Posts Tagged ‘anniversary’

October 19 marks the 25th anniversary of when I became a working librarian, all, as it turned out, at the Research Network of the New York Small Business Development Center.

Now it’s not the first job I ever had in a library. I spent seven months as a page at the Binghamton, now Broome County (NY), Public Library back when I was in high school. I used to help people use the microfilm machines, find and then refile the magazines in the closed stacks, and check the shelves to make sure the books were in Dewey Decimal System order.

After 8.5 years at the comic book store FantaCo and a dreadful year at an insurance company, I was nagged by two librarians and a lawyer, all friends of mine, to go to library school. I was resistant to return to graduate school, having suffered a disastrous experience a decade earlier.

But this time, I survived, and even thrived in grad school. I worked in the dean’s office and one of my tasks was to calculate the demographics of the students. I discovered that I was, at that time, the average age of a student at UAlbany’s School of Information Science and Policy. There were lots of returning students.

The task has always been to provide reference to remote SBDC counselors who were meeting with their would-be entrepreneurs and active businesspersons, Still, the job of this librarian has changed a lot over the quarter century. We used to send packets of information via the US Mail or UPS.

My first phone was a shared line with the fax machine. When it would ring, I was never sure when it rang if I would pick it up and hear a wall of aural pain.

In the days before the wide use of the Internet, we had a number of CD-ROMs to use, and we had to take turns using them. It was a radical innovation when the discs were on a LAN (local area network) so that two or three librarians could use ReferenceUSA at the same time.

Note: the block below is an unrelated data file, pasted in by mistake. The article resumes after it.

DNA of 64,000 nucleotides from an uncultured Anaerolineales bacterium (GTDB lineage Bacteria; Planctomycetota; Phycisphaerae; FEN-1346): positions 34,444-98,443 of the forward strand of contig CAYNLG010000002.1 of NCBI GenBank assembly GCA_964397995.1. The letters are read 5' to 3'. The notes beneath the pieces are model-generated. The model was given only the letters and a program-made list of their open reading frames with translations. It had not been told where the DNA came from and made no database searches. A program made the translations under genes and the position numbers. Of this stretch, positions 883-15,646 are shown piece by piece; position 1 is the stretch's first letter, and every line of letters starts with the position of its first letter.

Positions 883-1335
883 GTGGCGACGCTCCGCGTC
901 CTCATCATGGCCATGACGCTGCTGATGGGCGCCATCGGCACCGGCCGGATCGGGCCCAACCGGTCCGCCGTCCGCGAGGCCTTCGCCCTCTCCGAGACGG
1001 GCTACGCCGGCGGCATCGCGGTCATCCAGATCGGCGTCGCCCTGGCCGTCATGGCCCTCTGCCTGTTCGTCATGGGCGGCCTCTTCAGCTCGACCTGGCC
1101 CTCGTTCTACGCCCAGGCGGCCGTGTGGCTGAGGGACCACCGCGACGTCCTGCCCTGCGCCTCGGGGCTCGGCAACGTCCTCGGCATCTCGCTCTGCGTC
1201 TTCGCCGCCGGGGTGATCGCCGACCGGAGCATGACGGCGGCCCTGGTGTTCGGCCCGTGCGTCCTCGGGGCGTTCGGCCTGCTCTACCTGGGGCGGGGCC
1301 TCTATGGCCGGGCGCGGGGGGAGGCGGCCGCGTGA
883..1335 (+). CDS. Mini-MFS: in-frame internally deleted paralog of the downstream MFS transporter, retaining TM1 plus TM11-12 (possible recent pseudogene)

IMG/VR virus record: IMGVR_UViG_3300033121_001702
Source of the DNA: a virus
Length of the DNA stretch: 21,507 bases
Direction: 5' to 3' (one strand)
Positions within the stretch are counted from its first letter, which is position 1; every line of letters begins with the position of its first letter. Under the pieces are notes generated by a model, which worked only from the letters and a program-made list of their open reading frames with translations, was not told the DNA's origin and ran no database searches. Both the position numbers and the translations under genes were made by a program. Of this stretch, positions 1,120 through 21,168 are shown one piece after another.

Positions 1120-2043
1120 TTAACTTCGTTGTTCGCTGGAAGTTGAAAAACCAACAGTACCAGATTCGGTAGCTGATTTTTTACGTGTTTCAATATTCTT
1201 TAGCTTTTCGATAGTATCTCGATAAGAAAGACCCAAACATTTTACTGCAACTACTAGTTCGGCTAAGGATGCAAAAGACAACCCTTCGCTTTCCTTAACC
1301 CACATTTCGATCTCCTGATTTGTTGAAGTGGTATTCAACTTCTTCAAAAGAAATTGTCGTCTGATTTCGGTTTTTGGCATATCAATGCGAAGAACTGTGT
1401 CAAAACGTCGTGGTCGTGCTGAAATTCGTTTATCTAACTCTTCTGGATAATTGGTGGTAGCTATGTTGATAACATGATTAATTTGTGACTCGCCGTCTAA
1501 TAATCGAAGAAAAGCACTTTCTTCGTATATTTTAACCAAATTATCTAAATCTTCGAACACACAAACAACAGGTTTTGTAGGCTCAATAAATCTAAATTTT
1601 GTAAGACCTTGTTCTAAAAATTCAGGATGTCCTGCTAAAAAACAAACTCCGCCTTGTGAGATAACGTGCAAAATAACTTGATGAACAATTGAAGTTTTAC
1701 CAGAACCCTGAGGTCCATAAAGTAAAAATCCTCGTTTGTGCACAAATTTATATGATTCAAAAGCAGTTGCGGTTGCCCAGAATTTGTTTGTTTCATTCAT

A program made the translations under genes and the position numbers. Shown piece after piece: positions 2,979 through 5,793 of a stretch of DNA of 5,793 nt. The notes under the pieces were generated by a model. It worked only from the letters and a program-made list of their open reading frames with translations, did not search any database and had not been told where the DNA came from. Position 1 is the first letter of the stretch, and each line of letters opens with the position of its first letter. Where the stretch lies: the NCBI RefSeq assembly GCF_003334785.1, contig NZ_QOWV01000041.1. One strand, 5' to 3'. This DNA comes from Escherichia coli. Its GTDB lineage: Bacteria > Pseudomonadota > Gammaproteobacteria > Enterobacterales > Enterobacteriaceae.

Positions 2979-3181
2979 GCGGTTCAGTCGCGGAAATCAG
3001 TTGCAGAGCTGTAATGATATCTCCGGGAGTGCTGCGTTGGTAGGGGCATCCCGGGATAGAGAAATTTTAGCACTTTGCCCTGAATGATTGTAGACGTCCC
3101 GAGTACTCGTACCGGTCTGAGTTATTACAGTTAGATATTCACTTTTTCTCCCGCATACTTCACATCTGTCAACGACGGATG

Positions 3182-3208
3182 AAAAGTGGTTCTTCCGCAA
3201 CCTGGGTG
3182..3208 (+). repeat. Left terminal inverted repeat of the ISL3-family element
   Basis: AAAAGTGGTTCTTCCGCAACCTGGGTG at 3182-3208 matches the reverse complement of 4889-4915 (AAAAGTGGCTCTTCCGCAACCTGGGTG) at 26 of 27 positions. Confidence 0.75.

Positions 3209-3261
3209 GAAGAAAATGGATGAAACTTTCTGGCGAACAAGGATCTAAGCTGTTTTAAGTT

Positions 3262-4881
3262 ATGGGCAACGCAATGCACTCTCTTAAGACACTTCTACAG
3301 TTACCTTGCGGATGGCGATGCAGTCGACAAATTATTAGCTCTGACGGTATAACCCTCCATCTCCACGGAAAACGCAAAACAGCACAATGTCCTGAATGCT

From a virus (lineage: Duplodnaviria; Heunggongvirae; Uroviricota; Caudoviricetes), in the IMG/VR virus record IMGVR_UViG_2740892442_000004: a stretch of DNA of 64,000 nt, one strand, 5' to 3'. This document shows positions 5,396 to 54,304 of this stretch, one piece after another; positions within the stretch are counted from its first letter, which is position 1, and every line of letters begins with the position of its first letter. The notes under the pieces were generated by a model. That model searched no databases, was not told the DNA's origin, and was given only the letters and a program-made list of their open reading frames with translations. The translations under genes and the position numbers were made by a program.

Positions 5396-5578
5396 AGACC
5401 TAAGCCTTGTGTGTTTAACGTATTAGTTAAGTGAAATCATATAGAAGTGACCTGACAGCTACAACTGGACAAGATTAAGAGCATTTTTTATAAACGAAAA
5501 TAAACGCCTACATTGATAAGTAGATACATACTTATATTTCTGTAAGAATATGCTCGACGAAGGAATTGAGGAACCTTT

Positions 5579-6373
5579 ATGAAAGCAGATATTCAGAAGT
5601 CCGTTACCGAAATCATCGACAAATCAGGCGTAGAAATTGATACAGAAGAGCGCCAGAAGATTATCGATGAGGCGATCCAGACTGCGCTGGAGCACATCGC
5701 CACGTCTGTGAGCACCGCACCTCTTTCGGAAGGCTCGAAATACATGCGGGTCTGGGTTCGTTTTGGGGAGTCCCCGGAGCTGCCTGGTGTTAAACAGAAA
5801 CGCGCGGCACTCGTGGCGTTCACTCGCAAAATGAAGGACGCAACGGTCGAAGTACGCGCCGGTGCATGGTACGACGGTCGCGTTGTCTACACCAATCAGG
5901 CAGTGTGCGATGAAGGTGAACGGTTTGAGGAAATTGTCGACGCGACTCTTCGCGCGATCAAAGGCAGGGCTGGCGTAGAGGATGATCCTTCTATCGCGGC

The World wide web, of course, changed our reference ability, but it was a gradual evolution early on. We wanted to be able to deliver data via email. Now EVERYONE has it, but in the 1990s, it was hardly a universal service, even at the colleges and universities where our SBDCs were housed.

When email became more universally available, sometimes the data packet was so big that it would bounce. Now, there’s a location on a closed website where counselors can pick up the information.

Being a librarian has changed a lot in the past two and a half decades, but finding the information remains the goal.

For ABC Wednesday

“Elvis has left the building” has become such a cliche, or as the Wikipedia puts it, “a catchphrase and punchline,” if you’re young enough, you may not know that people actually said it of Elvis Presley in an unexpected way .

It was “announced at the end of [his] concerts to encourage fans to accept that there would be no further encores and to go home. It is now used more widely to indicate that someone has made an exit or that something is complete.”

From Phrases:

“Oddly, although the phrase was routinely used to encourage the audience to leave, the first time that it was announced it was to encourage them to stay in their seats. That first use was in December 1956 by Horace Logan [listen], who was the announcer at the Louisiana Hayride show, in which Elvis was a regular performer.

“Presley had very quickly become very popular with teenagers but had previously taken a regular lowly spot at the Hayride, which was his first big break. He was on the bill quite early in proceedings but after his performance was over and the encore complete, the crowd of teenagers, who weren’t Hillbilly enthusiasts, began to leave. Logan announced: ‘Please, young people … Elvis has left the building. He has gotten in his car and driven away … Please take your seats.'”

Throughout the 1970s, the phrase was captured on record several times, spoken by Al Dvorin.

Now, it is “used to refer to anyone who has exited in some sense. For instance, it might be used when someone makes a dramatic exit from an argument, to relieve tension among those who remain. Baseball broadcasters on radio and/or television sometimes use the phrase as a humorous way to describe a home run, which is typically hit over the outfield fence, leaving the field of play.”